Feature wise though, the Acer is very well equipped. Wireless connectivity is fully covered with 54G wireless, Bluetooth and infra red. The buttons for the the first two are easily accessible at the front so can be quickly activated or turned off as needed. There’s also a Gigabit Ethernet connection, sensibly located at the rear so you don’t have to twist your cables to get to it. Next to this is a standard 56K modem for when you need to resort to dial-up. Also at the back is a parallel port along with VGA and S-Video outputs. Down the right hand side sit four USB 2.0 connectors all in a line, along with a single Firewire connection. However, this is only a mini-four pin size, so without a suitable adaptor it’s no use for plugging in devices such as camcorders or an iPod. There’s also a single Type II PC Card slot.
The keyboard on the Acer Ferrari is comfortable and firm. The keypad is laid out with a slight curve upwards, which is intended to make the keys fall more easily under the fingers. In truth it doesn’t make much difference and adds more to the look of the machine than to its usability. The trackpad is a little on the small side but does the job. In-between the mouse buttons is a D-Pad, which is actually very useful for navigating web pages or Excel spreadsheets. Above the keypad are four shortcut keys, which can all be configured to work with the applications of your choice. Unfortunately, this has to be done manually so you’ll have to know where applications are located if you want to get quick access to items such as the Windows calculator.
At the very front of the unit is a four-in-one card reader handling SD, MMC, Smart Media and Memory Stick – for Compact Flash you’ll have to get a PC Card adaptor. More permanent storage is in the guise of an 80GB hard disk drive, which is a pretty generous amount for the money asked. Other removable storage comes in the form of a superb slot loading DVD Multi-drive, able to write to both ‘Plus’ and ‘Minus’ DVD formats and even DVD- RAM though you’ll obviously only be able to use those discs without a protective caddy.
On the software side, there’s little to get excited about, with no office suite for work and no games for play.
So the Acer is clearly well featured, but you don’t buy a Ferrari for its features, you buy it for speed. Does this Acer deliver? On the whole yes. It’s not the fastest notebook we’ve seen – the Pentium 4 Extreme Edition powered Rock Xtreme! XTR-3.4EE makes sure of that, but it is nippy. The SYSmark score of 249 is very good, outpacing the higher specced Systemax Hurricane 6000.
At SYSmark, it also beats the HP Compaq nx9100, a 3.2GHz Pentium 4 powered desktop replacement notebook, by a few points, though fails to do so in PCMark04.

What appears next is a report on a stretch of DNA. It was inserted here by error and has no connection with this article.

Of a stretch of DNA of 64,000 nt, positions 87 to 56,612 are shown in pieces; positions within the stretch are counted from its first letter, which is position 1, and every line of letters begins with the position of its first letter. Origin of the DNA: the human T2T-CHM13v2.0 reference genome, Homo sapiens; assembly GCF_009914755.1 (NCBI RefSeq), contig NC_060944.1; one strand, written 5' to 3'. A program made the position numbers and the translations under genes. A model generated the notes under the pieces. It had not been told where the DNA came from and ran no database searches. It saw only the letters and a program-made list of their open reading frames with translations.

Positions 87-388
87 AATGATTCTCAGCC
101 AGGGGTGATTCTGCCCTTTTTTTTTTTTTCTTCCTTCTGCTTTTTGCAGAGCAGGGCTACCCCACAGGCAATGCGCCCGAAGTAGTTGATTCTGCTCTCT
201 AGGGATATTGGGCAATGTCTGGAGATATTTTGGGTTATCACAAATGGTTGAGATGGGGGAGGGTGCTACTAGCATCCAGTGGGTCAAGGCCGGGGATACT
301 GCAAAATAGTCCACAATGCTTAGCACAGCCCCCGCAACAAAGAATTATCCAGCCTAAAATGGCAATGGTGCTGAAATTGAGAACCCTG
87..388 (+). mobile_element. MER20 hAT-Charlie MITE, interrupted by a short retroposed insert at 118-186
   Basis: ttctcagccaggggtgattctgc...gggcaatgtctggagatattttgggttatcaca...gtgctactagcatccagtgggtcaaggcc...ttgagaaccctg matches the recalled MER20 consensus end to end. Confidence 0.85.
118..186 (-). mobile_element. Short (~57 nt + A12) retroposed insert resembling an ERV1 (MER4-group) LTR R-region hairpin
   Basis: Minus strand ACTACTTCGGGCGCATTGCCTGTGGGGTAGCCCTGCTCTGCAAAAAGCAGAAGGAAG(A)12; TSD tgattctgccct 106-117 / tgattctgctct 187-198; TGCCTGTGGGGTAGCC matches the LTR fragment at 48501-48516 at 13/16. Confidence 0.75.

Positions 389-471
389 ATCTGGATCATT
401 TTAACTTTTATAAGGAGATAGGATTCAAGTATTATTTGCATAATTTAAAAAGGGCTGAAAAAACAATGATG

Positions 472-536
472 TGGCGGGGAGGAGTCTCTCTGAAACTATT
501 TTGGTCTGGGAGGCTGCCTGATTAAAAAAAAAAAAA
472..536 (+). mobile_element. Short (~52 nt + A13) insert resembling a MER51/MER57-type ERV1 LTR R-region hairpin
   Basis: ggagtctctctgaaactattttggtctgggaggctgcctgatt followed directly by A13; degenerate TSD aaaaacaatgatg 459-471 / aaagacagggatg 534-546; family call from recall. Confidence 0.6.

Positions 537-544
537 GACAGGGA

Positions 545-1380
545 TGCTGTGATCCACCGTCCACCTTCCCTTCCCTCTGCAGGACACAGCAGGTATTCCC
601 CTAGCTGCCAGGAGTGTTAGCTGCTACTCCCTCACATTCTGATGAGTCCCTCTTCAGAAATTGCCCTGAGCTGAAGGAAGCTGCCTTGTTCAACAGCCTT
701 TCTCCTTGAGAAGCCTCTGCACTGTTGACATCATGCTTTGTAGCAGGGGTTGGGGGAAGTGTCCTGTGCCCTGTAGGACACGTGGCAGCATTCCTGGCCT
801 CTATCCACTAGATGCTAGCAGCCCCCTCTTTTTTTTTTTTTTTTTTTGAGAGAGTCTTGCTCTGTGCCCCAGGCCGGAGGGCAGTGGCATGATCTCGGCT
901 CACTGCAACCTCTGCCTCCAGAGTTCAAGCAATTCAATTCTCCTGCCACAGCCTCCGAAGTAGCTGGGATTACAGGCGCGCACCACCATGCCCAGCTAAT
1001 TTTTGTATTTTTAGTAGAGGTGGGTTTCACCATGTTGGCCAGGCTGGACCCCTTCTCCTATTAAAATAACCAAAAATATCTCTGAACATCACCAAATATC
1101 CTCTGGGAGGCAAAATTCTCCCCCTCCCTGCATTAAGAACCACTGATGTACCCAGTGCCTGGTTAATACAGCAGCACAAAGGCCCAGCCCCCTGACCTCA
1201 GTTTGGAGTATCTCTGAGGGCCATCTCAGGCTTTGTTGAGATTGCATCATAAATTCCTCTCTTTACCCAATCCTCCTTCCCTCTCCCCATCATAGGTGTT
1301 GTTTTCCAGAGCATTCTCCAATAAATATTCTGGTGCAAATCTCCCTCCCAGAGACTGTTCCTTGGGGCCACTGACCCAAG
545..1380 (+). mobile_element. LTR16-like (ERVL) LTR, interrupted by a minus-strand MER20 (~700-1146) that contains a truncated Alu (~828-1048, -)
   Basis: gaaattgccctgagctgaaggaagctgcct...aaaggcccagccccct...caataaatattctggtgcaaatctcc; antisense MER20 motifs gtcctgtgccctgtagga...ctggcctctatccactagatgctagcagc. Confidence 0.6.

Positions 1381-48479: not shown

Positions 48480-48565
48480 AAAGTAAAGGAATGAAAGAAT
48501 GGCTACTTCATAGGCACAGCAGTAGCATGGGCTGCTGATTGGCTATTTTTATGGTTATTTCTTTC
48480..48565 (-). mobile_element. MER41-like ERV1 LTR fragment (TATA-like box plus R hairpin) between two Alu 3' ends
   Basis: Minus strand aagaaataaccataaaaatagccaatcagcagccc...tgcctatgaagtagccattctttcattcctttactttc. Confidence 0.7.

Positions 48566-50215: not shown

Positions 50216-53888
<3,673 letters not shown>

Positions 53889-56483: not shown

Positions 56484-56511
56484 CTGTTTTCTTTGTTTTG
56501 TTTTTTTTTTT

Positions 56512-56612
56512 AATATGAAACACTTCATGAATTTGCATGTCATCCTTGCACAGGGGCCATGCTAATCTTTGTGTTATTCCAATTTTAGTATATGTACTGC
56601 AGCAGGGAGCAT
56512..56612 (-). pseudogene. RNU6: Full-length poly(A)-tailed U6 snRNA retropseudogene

However, the Acer does fine in 3D thanks to the powerful ATI graphics. That said it’s not quite as fast as the Systemax Hurricane 6000, or inevitably, the Rock. At AquaMark however, it does slightly outpace the Systemax.
The only real area of disappointment performance wise is the battery life, lasting only 149 minutes in MobileMark 2002. This is reasonable for a performance machine but if working away from a power socket is a priority, you’ll be better off with a Centrino based notebook.
So the Acer has it where it counts for looks, features and performance. So why am I not so enthralled by the package as a whole? Well, for a start, underneath the red paint job the Acer isn’t actually that solid. Underneath, it looks like a fairly generic Taiwanese laptop, with none of the solid build of the better Sonys and IBM Thinkpads. It also runs very hot and will be too hot to rest on your lap after a while. You’ll want to keep it on a table to work on for longer periods. Weight wise, it’s 3Kg is reasonable though it’s more suited to a desk than a shoulder bag.
Then there’s the whole ‘Ferrari’ concept. As a potential purchaser, you really have to ask yourself if taking out a Ferrari notebook in public will make you look good, or, to be blunt, if it will make you look like a prat. The thinking goes something like this – Ferrari sports car – very cool: Ferrari notebook – well, not quite as cool. For example, owning this Acer, won’t make you appear rich and desirable to the opposite sex. You could actually buy about 50 Acer notebooks for the price of a second hand Ferrari 360, and I know which one I’d rather have. I may be an IT journalist, but it’s not the notebook computer.
The performance is generally excellent and it’s well featured for the price. The main caveats are an average display, poor sound quality and lack-lustre battery life. At the end of the day this Acer is more hot-hatch than a super car. However, you’ll not be buying it for the spec, you’ll be buying it for its looks and if you’re comfortable with, or even possibly keen on, the whole Ferrari badged scenario, the Acer has enough substance behind it to make for a satisfying purchase.
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